Wound Ballistics

Injuries and Wounds

As per Section 44 of the Indian Penal Code, the word ‘injury’ denotes any harm caused to any person in body, mind, reputation, or property. A wound is an injury to the body leading to a breach in the continuity of tissues, usually skin or mucous membrane. Different types of wounds are caused by the use of different means such as knives, firearms, blunt objects, acids & alkalis, dangerous radiations using Ultra Violet light, X-rays, or radioactive substances.

Firearm injuries are caused by using weapons like revolvers, pistols, rifles, shotguns, etc. The nature of firearm injuries caused by firearms depends on a large number of factors including the type of weapon, velocity of the projectiles, firing range among others.

Normally, where a knife or similar weapon can cause a single wound at a time (or let’s say a blow), firearms are capable to produce more than that.

Introduction to Wounding Mechanism

When a bullet hits the human body, the skin, flesh, and bone beneath it depress and compresses. The constant pressure extends them beyond their elastic limitations, resulting in a hole. After the hole is made and the bullet has entered, the stretched skin returns to its original state. As a result, the diameter of the hole in the skin appears to be smaller on non-stretched skin than the size of the projectile that generated the wound when it was stretched.

The minimum velocity necessary to penetrate the human skin is 40 to 50 meters per second. The penetrating velocity of a bone is found to be 60 meters per second. The projectile continues to move forward until it leaves the body through an exit hole, or until its energy is consumed in overcoming the resistance. The projectile may be found wedged at the end of the path of the wound in several cases.

Types of Firearm Injuries

There are two types of firearm injuries:

Forensic Significance

The projectiles fired by firearms have certain shapes, velocities, and kinetic energies which vary from most of the other agents causing injuries. The shapes of the wound, the destructive effect on the tissues, the presence of foreign bodies (of specific shapes and composition), and the projectile trajectory help to ascertain whether the given injury is a firearm injury or not.

The evaluation of the injuries elucidate if the given injury is-

  • A firearm injury or not
  • An entrance wound or an exit wound
  • Post- mortem or antemortem injury
  • Fired from the alleged firearm or not
  • Lethal or not

The evaluation of injuries can also point out the alleged number of shots fired or the number of firearms used.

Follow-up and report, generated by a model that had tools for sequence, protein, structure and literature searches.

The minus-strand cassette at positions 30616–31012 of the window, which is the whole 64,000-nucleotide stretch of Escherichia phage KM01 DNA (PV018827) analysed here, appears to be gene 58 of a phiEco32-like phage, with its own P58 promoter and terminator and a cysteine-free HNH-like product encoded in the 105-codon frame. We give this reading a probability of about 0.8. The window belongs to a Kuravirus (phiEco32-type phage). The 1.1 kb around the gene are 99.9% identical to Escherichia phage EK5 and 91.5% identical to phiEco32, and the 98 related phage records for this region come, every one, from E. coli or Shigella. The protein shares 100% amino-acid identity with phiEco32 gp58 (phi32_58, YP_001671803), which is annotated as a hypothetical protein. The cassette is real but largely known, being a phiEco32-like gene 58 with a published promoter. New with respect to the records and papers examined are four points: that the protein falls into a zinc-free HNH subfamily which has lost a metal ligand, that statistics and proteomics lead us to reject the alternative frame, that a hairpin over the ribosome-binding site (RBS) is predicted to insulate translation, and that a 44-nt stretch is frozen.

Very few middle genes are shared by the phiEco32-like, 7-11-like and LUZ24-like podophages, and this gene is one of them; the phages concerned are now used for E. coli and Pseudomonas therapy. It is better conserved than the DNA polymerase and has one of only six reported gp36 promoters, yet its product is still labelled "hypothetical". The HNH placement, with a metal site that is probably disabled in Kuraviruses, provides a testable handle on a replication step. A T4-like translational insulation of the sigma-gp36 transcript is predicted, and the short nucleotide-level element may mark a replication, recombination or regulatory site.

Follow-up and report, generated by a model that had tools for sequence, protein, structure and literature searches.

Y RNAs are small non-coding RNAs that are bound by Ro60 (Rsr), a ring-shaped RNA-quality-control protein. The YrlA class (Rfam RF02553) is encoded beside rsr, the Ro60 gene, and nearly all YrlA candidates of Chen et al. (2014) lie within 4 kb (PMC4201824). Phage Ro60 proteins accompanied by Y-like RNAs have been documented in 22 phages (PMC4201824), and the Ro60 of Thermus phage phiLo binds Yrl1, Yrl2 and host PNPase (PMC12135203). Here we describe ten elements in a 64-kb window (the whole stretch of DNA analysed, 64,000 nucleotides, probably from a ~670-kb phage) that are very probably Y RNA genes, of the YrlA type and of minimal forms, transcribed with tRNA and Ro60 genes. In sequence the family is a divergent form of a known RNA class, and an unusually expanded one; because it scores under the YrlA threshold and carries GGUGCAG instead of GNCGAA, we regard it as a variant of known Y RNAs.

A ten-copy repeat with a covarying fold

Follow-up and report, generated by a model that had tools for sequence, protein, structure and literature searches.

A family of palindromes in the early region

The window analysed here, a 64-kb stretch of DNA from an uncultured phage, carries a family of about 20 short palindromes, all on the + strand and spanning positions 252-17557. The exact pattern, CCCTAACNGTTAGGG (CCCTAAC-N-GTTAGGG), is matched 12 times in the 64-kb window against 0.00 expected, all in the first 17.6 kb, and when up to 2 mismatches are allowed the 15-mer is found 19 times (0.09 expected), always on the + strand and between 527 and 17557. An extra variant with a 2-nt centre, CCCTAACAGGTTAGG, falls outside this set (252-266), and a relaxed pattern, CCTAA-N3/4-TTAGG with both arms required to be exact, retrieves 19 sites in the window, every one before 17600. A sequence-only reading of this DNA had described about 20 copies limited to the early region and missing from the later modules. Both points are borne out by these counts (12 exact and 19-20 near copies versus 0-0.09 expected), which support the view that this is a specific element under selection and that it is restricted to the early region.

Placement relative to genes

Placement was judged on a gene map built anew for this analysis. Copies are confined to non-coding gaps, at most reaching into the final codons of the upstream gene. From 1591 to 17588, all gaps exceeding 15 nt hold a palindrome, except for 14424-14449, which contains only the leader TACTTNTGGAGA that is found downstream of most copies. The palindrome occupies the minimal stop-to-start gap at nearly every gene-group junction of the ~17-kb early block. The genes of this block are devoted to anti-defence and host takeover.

Entry Wound

They are either penetrating or perforating. Penetrating wounds occur when a bullet enters an object and does not exist. The bullet goes completely through the object in perforating wounds. A wound, on the other hand, might be penetrating as well as perforating. A gunshot hitting the head may pass through the cranium and brain before resting under the scalp, resulting in a penetrating head injury but a puncturing wound to the skull and brain.

These wounds can be divided into four broad categories, depending on the range from the muzzle to target:

Contact Injuries

The muzzle of the pistol is maintained against the surface of the body during discharge in contact wounds. Hard, loose, angled, or incomplete contact wounds are common (a variation of angled).

Hard Contact Wound

The muzzle of the handgun is pressed “hard” against the skin in hard-contact wounds, causing the skin to surround the muzzle. The direct edges of the entrance are burned by the flaming gases of ignition and darkened by the soot in hard contact wounds. This soot is embedded in the burnt skin and cannot be completely removed by washing.

Loose – Contact Wounds

The muzzle is kept casually on the skin in loose-contact wounds, and the gas traveling previous to the bullet, as well as the bullet itself, indents the skin, creating a temporary space between the skin and the muzzle through which gas can leak. The soot carried by the gas is deposited in a region around the entry. There is no need to be concerned about this soot being washed away. A few unburned grains of powder may also leak through this gap and deposit on the skin in the soot region.

Angled – Contact Wounds

The barrel is held at an acute angle to the skin in angled-contact wounds, such that the entire circumference of the muzzle is not in contact with the skin’s surface.

Incomplete Contact Wounds

Angled-contact wounds are a type of incomplete-contact wound. The weapon’s muzzle is kept against the skin in these, however, there is an opening between the muzzle and the skin because the body surface is not completely flat.

Near Contact Injuries

Injuries sustained near contact occur in between contact and intermediate-range wounds. It is difficult to tell the difference between near- and loose-contact injuries because their appearances are similar.

The weapon’s muzzle is not in contact with the skin in near-contact wounds because it is held a short distance away. However, because the distance is so short, the powder grains emerging from the muzzle do not have a chance to scatter and mark the skin, resulting in the powder tattooing that intermediate-range wounds require.

There is an entrance wound in near-contact wounds, which is surrounded by a large zone of powder soot covering burnt, blackened skin. The scorching zone is larger than that of a loose contact wound.

Intermediate-Range Injuries

An intermediate-range gunshot injury occurs when the weapon’s muzzle is held away from the body at the time of discharge yet close enough to cause “powder tattooing” of the skin from powder grains ejected from the muzzle along with the bullet. The presence of these patterns is a prerequisite for intermediate-range gunshot wounds. Microscopic sections of the entrance hole in intermediate-range wounds should show grains of powder embedded in the skin adjacent to the entrance hole.

Distant Wound

The only marks on the target in distant wounds are those which are made by the bullet’s mechanical action in puncturing the skin. A stellate or asymmetrical aspect to distant gunshot wounds in the head can resemble a contact wound. Both pistols and rifled bullets show this phenomenon.

Exit Wound

An exit wound is recognized by the absence of carious marks found around the entrance wound such as the presence of averted edges of the skin and the shape and size of the wound.